We can never get used to the Beatitudes, any more than we can ever get used to Jesus himself, or to the mystery of his Cross, and of his Resurrection from the dead. Immediately we are offered strong doctrine, with power to shock, and perplex, and exhilarate, and convert. Jesus appeals here to the extremes of human desire. On his own authority, he promises precisely beatitude: perfect happiness, total fulfilment, absolute peace. No! More than that! Who is filled with insatiable ambition? Who feels always somehow dissatisfied, and wants always more, and more, and more? If so, then your desires fall short, suggests Jesus. What I will give goes far beyond them. Twice here, at the beginning and at the end, he promises the Kingdom of Heaven. That is, he promises a share in God’s own divine life, and beatitude, and goodness; the eternal possession of riches that infinitely outstrip anything we can even imagine. And if that should too remote, or abstract, Jesus also promises the earth - yes all of it - for our heritage. He promises too that we will be comforted for all our sorrows, and perfectly satisfied in all our good desires; that we will receive mercy for all our sins; that we will see God, face to face; that we will share the Title and Status that belongs to Jesus as Son of God.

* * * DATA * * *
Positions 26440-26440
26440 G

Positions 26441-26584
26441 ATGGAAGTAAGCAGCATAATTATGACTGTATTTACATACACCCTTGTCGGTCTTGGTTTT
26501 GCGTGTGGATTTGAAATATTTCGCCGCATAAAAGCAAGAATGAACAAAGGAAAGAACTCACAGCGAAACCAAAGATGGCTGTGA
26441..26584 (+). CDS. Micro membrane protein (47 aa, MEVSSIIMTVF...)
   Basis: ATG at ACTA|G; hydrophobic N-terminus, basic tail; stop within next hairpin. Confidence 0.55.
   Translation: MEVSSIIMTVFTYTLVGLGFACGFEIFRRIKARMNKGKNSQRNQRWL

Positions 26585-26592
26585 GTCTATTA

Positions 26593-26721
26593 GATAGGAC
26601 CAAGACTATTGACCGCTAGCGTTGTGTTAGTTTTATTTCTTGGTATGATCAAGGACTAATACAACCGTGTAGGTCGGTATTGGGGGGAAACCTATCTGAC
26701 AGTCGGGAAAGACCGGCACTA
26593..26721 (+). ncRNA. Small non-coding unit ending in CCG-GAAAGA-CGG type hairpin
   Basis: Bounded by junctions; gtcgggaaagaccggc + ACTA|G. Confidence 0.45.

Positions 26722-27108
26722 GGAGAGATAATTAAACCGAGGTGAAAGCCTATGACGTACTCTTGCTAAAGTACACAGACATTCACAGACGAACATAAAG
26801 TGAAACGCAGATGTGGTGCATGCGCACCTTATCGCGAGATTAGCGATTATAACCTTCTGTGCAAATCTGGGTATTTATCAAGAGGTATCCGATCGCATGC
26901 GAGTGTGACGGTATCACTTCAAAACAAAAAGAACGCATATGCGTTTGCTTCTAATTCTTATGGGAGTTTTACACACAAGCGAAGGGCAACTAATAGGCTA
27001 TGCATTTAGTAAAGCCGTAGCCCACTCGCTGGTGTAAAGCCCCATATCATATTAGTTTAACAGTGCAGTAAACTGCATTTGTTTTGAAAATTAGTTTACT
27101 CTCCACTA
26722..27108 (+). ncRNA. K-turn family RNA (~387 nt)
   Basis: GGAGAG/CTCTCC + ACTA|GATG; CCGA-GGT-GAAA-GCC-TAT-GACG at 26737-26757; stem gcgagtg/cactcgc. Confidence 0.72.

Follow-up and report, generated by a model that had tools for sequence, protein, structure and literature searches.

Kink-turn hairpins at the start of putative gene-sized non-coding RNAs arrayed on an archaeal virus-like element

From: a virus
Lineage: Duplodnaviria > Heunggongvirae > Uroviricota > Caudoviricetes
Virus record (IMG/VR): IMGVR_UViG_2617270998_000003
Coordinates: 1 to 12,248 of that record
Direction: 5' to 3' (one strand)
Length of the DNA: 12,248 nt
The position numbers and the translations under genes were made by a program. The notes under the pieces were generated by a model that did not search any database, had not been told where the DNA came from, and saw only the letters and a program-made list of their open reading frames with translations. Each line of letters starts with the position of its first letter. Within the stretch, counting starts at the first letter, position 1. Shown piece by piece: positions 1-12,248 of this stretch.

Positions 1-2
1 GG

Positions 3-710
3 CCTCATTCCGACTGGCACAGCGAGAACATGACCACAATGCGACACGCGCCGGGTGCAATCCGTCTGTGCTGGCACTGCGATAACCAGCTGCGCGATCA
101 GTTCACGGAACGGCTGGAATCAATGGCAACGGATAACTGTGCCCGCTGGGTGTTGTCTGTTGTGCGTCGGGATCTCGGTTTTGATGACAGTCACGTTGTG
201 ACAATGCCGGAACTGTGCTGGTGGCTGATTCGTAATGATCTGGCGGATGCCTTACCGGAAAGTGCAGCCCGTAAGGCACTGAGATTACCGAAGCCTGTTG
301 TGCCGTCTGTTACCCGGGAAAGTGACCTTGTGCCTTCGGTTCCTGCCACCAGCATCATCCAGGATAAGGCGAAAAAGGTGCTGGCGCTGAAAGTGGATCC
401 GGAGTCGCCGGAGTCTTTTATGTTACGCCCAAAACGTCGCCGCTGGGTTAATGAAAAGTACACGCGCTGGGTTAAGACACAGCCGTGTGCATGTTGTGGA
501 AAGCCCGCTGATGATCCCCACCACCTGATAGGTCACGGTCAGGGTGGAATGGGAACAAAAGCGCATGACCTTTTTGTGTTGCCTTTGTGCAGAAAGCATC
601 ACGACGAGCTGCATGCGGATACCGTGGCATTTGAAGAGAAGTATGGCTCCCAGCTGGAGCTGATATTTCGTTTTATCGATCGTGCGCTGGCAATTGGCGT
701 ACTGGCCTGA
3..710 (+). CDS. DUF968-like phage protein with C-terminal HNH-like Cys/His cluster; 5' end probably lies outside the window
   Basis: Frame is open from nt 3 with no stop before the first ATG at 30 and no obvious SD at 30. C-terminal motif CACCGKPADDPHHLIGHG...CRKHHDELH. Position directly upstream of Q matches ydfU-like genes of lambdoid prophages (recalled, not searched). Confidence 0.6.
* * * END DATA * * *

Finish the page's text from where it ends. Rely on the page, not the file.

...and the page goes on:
And we are here now because we believe that what Jesus says is true. The one who makes these wild promises comes from God. He is very Truth himself. Because of Who he is, and because of what he has done for us, in his death and resurrection, Jesus has the power to make everything he says here a reality in our lives, both now and in eternity. So we come today to listen to his teaching yet again; to celebrate it, and to claim it all for our own.